Feb. 19, 2014
BLOOMINGTON, Ill.— Illinois Wesleyan will celebrate the establishment of the Center for Human Rights and Social Justice on Friday, Feb. 21 at 4 p.m. in the Hansen Student Center (300 E. Beecher St., Bloomington). Guest speaker Professor Martha Nussbaum, author and human rights advocate, will deliver an address titled, “The New Religious Intolerance: Socratic Self-Examination and Sympathetic Imagination.” The event is free and open to the public.
To further commemorate the Center, Illinois Wesleyan’s annual Undergraduate Student Research Workshop on Human Rights in the Liberal Arts, which brings students and faculty from different disciplines together to share in the study of core human rights issues, will be held Friday, Feb. 21-Saturday, Feb. 22. For locations and a complete schedule of the workshop events, visit the website at www.iwu.edu/human-rights/workshop.html.
Located in the Center for Liberal Arts (CLA), Room 145, The Center for Human Rights and Social Justice will bring the numerous human rights programs and initiatives on campus together, which will enhance opportunities for collaboration and the exchange of ideas. Professor of Educational Studies Irving Epstein serves as the Center’s director and Professor of Political Science William Munro and Associate Professor of Anthropology Rebecca Gearhart were named as associate directors.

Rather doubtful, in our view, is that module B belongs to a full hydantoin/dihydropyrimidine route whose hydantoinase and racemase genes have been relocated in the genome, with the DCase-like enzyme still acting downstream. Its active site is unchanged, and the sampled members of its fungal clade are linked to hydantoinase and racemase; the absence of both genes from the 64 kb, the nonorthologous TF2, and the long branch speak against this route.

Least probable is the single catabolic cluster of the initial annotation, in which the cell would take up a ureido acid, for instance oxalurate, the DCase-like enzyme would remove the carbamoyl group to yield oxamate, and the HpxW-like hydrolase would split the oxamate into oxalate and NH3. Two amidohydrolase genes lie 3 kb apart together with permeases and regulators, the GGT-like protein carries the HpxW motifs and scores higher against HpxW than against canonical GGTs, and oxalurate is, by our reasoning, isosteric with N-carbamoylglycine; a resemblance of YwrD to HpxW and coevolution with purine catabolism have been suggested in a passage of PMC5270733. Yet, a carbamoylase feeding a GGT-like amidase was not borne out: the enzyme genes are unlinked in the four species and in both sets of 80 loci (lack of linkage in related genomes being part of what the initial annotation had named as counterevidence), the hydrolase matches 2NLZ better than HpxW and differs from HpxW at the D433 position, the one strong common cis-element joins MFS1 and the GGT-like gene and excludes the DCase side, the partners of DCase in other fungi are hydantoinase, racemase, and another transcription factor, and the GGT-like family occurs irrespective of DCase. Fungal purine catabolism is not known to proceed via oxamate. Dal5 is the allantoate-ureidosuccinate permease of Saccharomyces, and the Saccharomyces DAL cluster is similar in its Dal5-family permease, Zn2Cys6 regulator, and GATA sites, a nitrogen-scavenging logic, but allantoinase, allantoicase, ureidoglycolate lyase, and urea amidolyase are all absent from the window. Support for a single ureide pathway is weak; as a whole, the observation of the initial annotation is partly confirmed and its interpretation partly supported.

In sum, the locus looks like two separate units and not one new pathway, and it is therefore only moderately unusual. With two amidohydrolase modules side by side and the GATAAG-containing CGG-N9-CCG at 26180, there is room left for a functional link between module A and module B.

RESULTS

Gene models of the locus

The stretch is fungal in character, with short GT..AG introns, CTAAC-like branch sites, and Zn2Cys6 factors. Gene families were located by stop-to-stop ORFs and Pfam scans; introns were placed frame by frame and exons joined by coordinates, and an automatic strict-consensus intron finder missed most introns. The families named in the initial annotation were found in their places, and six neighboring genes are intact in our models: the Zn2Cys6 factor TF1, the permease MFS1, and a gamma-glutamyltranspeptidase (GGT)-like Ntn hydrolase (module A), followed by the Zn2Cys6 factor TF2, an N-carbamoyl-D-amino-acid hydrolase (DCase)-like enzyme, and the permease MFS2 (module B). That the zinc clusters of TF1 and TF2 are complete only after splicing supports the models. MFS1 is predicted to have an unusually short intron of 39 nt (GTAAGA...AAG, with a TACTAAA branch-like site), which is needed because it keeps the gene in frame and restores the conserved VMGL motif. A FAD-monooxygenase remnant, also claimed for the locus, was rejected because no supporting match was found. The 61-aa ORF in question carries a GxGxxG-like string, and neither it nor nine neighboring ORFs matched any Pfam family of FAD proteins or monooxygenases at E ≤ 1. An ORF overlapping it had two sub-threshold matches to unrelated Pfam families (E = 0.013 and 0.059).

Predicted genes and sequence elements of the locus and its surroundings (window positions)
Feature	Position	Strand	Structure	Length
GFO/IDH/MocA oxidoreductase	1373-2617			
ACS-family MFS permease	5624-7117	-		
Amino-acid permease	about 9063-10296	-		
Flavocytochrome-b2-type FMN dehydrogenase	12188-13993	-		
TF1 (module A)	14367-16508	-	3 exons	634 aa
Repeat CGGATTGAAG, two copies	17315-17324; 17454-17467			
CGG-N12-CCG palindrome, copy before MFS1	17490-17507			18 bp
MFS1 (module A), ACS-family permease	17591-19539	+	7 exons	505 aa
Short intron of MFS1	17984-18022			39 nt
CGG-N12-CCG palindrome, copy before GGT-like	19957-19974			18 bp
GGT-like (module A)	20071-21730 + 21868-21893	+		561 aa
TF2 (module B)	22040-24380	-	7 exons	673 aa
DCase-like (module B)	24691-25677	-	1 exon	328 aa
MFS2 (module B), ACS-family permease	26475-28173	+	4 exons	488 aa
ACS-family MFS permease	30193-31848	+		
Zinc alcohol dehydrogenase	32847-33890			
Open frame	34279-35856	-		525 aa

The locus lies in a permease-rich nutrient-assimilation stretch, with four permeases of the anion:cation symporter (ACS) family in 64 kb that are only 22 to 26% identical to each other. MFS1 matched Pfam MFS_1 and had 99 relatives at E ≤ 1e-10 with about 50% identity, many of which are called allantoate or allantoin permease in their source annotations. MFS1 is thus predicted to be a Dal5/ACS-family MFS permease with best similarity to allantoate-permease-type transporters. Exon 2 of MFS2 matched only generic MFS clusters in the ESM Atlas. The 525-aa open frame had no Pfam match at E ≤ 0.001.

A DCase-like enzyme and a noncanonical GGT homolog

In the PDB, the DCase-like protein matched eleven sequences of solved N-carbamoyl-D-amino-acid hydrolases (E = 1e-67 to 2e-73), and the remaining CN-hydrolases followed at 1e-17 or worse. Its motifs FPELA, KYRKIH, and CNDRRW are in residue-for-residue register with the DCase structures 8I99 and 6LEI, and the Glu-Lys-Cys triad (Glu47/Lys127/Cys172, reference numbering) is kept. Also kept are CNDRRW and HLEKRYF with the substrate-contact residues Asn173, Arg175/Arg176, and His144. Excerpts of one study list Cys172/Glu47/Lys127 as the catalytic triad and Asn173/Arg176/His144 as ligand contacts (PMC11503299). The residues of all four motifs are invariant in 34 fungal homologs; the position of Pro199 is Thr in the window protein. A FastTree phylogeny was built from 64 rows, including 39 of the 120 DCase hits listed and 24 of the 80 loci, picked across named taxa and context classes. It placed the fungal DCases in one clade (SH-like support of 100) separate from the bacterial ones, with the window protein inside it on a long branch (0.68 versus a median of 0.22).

“We see the Center as being essential to understanding a liberal arts education – you can’t talk about liberal arts without knowing what it means to be a human. Rights and responsibilities we have to one another raise basic questions we ask ourselves all the time,” said Epstein.
According to Epstein, the chief goal of the Center is to promote human rights and social justice as academic studies, which are crucial assets to an Illinois Wesleyan education.
During the summer of 2013, the fledgling Center sponsored two summer internships at national human rights organizations. Recently, Illinois Wesleyan’s Center for Human Rights and Social Justice joined the Midwest Coalition for Human Rights, a network of over fifty organizations, service providers and university centers that work to protect and promote human rights.
Epstein is excited to see the Center grow, and is honored to bring Nussbaum to campus for the ceremony.
“We chose Martha Nussbaum because she is one of the most prolific authors in the United States on various aspects of human rights. Because of her deep connection to the liberal arts, we thought it would be very fitting for her to inaugurate the Center.”
Nussbaum was named the Ernst Freund Distinguished Service Professor of Law and Ethics at the University of Chicago Law School, where she serves on the board for the Human Rights Program. An author of nearly 20 books and an editor of 15, Nussbaum’s works have earned numerous awards, including the Association of American University Publishers Professional and Scholarly Book Award for Law, which she received in 2004 for her book Hiding From Humanity: Disgust, Shame and the Law. She has also served as a research advisor for programs sponsored by the United Nations University.
Epstein wants to continue to encourage the campus community to get involved with the Center for Human Rights and Social Justice. To access upcoming events, internship offers and links to their Facebook and Twitter feeds, visit the Center’s website at www.iwu.edu/human-rights/.
For further information regarding the ceremony, the workshop or to become more involved with the Center for Human Rights and Social Justice, contact Epstein at firstname.lastname@example.org.
Contact: Hannah Dhue, ’15, (309) 556-3181, email@example.com